Great start for the 2nd week!

Today, July 4th, 2016, in addition to being the US day of independence, was a great start for the 2nd week of the dig. Things are really starting to pop out in the various areas!

Area A: Louise and her team and some really nice finds. This includes a virtually complete bronze pin, and what appears to be an almost complete Iron I bowl. In general, it looks like Louise and her team are getting very nicely into the Iron I.

Area D: Today was a great day – Amit’s team is doing well. In several of the squares near the gate we had rich finds, seemingly related to the final destruction of the date. This included a collection of loomweights in a jar, remains of collapsed roof, storage jar stopper and other great finds – and this in Jim and Dan’s area. In MiYoung’s area we have what looks like a cooking area, with a tabun, a cooking jug and other finds. Jill’s team moved to some new squares and it appears that just below surface we have some nice finds. And Vanessa’s team continues to find more and more of the metallurgical area.

Area E: Great day today in Area E – Haskel and Shira’s team came up with another donkey! The skeleton, so far, seems quite complete – and seems to be purposely deposited below the floor of a house – just like the first one. As this will require a lot more careful excavating – we hope a lot more interesting finds will come out with this.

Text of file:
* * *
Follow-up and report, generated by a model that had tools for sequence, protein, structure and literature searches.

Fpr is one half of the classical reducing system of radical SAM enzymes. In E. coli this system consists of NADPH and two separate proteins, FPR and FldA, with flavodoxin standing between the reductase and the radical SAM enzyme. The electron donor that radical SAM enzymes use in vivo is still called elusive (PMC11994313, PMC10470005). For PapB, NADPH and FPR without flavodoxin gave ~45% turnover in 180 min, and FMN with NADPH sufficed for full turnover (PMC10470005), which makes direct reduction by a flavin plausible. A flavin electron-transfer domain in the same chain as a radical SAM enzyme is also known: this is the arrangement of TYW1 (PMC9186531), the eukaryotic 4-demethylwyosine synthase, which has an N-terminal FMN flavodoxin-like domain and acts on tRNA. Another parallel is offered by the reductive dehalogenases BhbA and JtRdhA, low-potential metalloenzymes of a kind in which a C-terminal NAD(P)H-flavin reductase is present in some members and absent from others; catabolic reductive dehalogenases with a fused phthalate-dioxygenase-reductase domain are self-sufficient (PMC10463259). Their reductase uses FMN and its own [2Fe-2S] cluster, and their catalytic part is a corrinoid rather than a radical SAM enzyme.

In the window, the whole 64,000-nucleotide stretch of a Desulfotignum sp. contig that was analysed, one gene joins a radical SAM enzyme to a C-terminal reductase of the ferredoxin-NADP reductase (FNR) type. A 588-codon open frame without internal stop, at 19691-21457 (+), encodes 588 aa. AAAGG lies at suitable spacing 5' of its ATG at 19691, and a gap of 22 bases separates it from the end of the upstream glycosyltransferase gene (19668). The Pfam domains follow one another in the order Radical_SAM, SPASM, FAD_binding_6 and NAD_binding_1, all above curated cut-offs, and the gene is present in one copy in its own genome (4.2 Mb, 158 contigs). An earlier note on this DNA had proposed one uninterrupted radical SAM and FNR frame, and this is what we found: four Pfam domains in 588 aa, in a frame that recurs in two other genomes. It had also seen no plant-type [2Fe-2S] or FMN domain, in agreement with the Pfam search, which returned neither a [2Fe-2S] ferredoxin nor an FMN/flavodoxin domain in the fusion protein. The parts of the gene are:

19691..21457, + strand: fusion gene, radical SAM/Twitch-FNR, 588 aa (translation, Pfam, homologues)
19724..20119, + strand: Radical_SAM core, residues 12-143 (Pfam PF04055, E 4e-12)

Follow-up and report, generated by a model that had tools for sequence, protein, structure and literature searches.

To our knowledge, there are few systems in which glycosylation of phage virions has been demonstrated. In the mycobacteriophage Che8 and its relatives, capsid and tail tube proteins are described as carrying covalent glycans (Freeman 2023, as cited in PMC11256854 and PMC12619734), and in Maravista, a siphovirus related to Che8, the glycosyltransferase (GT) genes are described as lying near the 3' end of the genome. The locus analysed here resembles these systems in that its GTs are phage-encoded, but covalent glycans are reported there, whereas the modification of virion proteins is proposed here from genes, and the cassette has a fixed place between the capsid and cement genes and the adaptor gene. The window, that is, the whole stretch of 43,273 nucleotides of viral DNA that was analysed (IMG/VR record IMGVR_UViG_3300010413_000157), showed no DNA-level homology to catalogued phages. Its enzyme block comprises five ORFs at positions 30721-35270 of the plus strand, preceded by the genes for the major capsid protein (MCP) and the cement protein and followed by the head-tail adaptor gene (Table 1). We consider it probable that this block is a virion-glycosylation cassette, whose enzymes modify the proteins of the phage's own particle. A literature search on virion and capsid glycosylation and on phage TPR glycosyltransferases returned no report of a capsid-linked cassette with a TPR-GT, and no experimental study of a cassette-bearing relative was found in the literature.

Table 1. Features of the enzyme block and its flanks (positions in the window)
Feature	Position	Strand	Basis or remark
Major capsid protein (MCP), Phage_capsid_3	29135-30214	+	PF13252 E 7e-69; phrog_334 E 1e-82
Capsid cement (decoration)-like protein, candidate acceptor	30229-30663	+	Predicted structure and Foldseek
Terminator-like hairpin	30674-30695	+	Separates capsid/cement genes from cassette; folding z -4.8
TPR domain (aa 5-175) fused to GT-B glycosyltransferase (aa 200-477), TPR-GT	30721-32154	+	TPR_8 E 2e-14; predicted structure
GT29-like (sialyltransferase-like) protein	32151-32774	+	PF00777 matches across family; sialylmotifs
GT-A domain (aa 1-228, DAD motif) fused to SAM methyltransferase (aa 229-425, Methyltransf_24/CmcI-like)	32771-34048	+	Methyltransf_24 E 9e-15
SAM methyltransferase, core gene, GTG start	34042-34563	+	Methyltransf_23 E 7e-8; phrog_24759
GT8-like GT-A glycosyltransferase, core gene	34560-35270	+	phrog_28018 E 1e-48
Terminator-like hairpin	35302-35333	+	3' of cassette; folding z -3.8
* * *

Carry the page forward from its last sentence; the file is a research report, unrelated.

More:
Area F: Jeff and his team, which grew this week in numbers, is now working in both LB and Iron I levels – and we await some great finds this week.

And finally – Area K – Eric and his team are deep into the area of the agricultural installations in the lower city – and it seems that they have reached Iron Age levels, with complete vessels, that are associated with these installations!

We also had some nice visits today:

Aldo Baquis, a journalist from the Italian ANSA new agency.

Prof. Bill Schniedewind (UCLA) and Dr. Joseph Lamm (UNC).

Oren Ackermann, the project’s geomorphologist, brought Ladislav Smejda and Michal Hejcman, from Czech University of Life Sciences in Prague (who are working at Tel Burna with Itzik Shai) for a visit to the site. They were impressed the site so much that they conducted a sampling of sediments on the tell and the surroundings, using a handheld XRF. I hope this will develop into a nice study.

Here are some pictures from today: